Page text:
Julie shows coping with trauma as a long time thing, as something that doesn’t just get better. She uses denial and emotional barriers but it’s not just about breaking them down. She needs them at times. The Maxx wants to help her so badly but he truly doesn’t know how. He wants to be a paragon of virtue, to save women and punish villains. Gone and Julie teach him that he’s naive and must learn in order to help. All the while he’s struggling against a world that sees his life as worthless, that a homeless person is a failure by definition.  

So yeah, I recommend the show. It may be a bit dated and it may have some rough animation at times, but I haven’t seen anything like it since.


Musings on a Muse

I think I’ve clicked with an ancient practice. Or the modern european bastardization of a cultural practice. It’s hard to separate the traditional views we have from what we now know as factual history. Like having Vikings with horns or dinosaurs without feathers. It’s become part of the art. There’s nothing wrong with depicting things more realistically, but the converse is also true. It’s not out of the question to freely admit you’re ignoring facts because you’re making art. Fiction is fiction. So when I say I understand the idea of a Muse, I’m not claiming it’s what the ancient greeks believed. It’s what our modern interpretation of a Muse is. And that I think I have a grasp of.

Art comes from our brains. Magic isn’t real. The gods don’t exist. Yada yada yada.

There hasn’t been a point in time where someone actually saw a half-deity warrior or a dragon. Stories got told, miscommunication happened and myths were born. The storytellers magnified the fantastical elements to make better stories. The muses themselves are creation of the artist, yet the artist calls out to them for inspiration. It seems unlikely that every artist who invoked them genuinely believed in them. They knew it wasn’t some attractive mate who’d come to their bedchambers because… well because that never happened. To any of them. Not a once. So of course it was metaphoric; metaphors are what the artist knows best. They call out to this inner force welling up inside of them. Swirls of brain chemistry exciting random parts of the brain.

They’ve always been the key. You must feel strongly, passionately, intensely, to make art. Take what I said in High’s and Lows, and combine it with Love is the Answer to Consciousness. The artist needs those highs and lows. Love is by far the best avenue to experience an unrivaled emotional trip. The artist is fueled by those low points because they’re striving for that high plateau. Knowing it’s merely a short term destination is something that must be accepted. Without the drop back down, the art won’t come back.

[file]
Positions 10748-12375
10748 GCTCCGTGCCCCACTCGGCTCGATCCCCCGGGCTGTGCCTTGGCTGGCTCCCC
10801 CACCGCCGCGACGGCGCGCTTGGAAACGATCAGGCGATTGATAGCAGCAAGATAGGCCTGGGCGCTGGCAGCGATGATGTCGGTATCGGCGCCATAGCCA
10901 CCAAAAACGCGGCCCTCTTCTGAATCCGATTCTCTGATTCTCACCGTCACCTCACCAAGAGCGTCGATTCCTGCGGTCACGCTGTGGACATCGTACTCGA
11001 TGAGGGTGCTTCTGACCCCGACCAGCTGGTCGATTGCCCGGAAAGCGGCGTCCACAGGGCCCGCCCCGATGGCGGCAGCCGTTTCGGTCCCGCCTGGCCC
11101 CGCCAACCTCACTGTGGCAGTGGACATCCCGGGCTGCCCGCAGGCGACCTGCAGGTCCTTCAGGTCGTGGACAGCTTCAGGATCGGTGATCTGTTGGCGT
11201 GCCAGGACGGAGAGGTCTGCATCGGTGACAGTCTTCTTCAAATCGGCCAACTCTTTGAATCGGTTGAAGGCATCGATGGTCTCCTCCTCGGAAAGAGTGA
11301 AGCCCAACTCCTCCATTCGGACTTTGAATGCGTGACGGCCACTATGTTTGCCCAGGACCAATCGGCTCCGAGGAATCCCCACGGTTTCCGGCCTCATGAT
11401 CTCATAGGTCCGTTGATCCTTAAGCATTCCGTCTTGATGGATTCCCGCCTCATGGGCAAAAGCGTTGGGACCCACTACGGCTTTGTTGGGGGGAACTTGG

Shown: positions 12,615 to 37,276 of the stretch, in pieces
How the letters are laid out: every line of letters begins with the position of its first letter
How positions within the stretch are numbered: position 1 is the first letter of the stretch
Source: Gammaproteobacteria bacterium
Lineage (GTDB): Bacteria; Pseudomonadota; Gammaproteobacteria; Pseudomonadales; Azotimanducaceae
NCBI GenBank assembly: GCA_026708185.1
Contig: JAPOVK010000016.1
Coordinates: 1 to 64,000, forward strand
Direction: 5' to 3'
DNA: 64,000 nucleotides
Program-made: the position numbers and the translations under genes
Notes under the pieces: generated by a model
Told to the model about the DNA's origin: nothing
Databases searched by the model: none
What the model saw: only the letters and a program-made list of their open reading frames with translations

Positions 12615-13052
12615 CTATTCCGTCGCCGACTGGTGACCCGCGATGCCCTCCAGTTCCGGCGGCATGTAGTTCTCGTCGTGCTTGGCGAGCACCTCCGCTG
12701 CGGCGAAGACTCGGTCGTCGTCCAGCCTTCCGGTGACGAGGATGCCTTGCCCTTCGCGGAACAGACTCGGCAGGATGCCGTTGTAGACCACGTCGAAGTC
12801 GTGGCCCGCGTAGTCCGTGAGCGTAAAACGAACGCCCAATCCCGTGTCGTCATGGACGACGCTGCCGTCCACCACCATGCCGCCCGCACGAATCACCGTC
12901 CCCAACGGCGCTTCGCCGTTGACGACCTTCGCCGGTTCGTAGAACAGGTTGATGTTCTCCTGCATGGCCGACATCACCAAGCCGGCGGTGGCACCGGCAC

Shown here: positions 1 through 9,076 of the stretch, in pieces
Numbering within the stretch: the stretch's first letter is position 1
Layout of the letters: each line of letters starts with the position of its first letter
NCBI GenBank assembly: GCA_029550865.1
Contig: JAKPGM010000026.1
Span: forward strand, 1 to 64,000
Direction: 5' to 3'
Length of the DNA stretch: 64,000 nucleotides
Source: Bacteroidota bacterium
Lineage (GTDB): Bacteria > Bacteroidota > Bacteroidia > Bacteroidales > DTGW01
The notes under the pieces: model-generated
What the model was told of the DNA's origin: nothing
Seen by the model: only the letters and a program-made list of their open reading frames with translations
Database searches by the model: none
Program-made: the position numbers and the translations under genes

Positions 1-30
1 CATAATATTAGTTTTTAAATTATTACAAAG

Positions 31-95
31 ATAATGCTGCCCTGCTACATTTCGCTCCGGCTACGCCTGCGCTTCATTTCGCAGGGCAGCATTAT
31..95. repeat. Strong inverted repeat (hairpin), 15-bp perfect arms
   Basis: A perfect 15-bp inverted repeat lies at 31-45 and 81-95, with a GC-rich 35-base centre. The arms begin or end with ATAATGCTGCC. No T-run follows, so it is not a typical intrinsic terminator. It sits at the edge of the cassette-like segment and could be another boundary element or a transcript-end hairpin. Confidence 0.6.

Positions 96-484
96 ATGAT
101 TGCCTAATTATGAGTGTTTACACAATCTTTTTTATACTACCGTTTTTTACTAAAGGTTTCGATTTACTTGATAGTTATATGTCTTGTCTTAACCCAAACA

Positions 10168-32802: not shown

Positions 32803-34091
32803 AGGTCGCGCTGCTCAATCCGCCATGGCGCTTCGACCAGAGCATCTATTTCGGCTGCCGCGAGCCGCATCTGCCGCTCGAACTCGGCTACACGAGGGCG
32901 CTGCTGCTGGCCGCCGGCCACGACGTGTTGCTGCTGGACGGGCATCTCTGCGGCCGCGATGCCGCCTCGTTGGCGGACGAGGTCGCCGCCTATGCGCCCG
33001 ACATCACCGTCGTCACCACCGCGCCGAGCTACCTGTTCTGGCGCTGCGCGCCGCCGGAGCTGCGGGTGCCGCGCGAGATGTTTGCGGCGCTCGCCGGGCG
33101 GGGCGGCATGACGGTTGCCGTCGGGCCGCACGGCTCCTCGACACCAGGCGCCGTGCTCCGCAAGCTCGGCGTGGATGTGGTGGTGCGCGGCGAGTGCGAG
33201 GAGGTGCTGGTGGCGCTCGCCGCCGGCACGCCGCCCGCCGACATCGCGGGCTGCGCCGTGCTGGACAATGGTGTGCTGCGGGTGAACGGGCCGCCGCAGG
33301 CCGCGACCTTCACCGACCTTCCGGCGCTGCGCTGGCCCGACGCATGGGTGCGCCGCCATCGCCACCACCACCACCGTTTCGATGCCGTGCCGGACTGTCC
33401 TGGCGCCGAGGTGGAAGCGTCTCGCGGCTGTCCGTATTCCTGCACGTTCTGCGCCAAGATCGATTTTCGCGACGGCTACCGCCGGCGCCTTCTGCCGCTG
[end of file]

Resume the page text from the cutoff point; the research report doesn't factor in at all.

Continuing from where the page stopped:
So I get Muses. It’s the artist feeding off of someone’s energy. Not in a bad way mind you, in that magnifying way people can spiral high on. Of course they tend to have a sexual overtone but it’s not necessary; sex is intimately linked with love, for most of us. If the person isn’t in that “most of us” and not driven by sex, it will be something else equivalent (like religious fervor). The Muse will take the form of whatever the artist is most attracted to. It can be a force of nature or a similar concept but it is more likely to be physically manifest in a person. We’re wired to love other humans so it’s the easiest thing to fall in love with. The fact that the muse is a person can be a problem though. Their relationship to the artist can’t be an ideal relationship. The artist needs that low point. The Muse is most effective when near but simultaneously far. They pull the artist to greater heights, pushing them to hone their craft. Accelerating their mind far beyond what they would ever be capable of.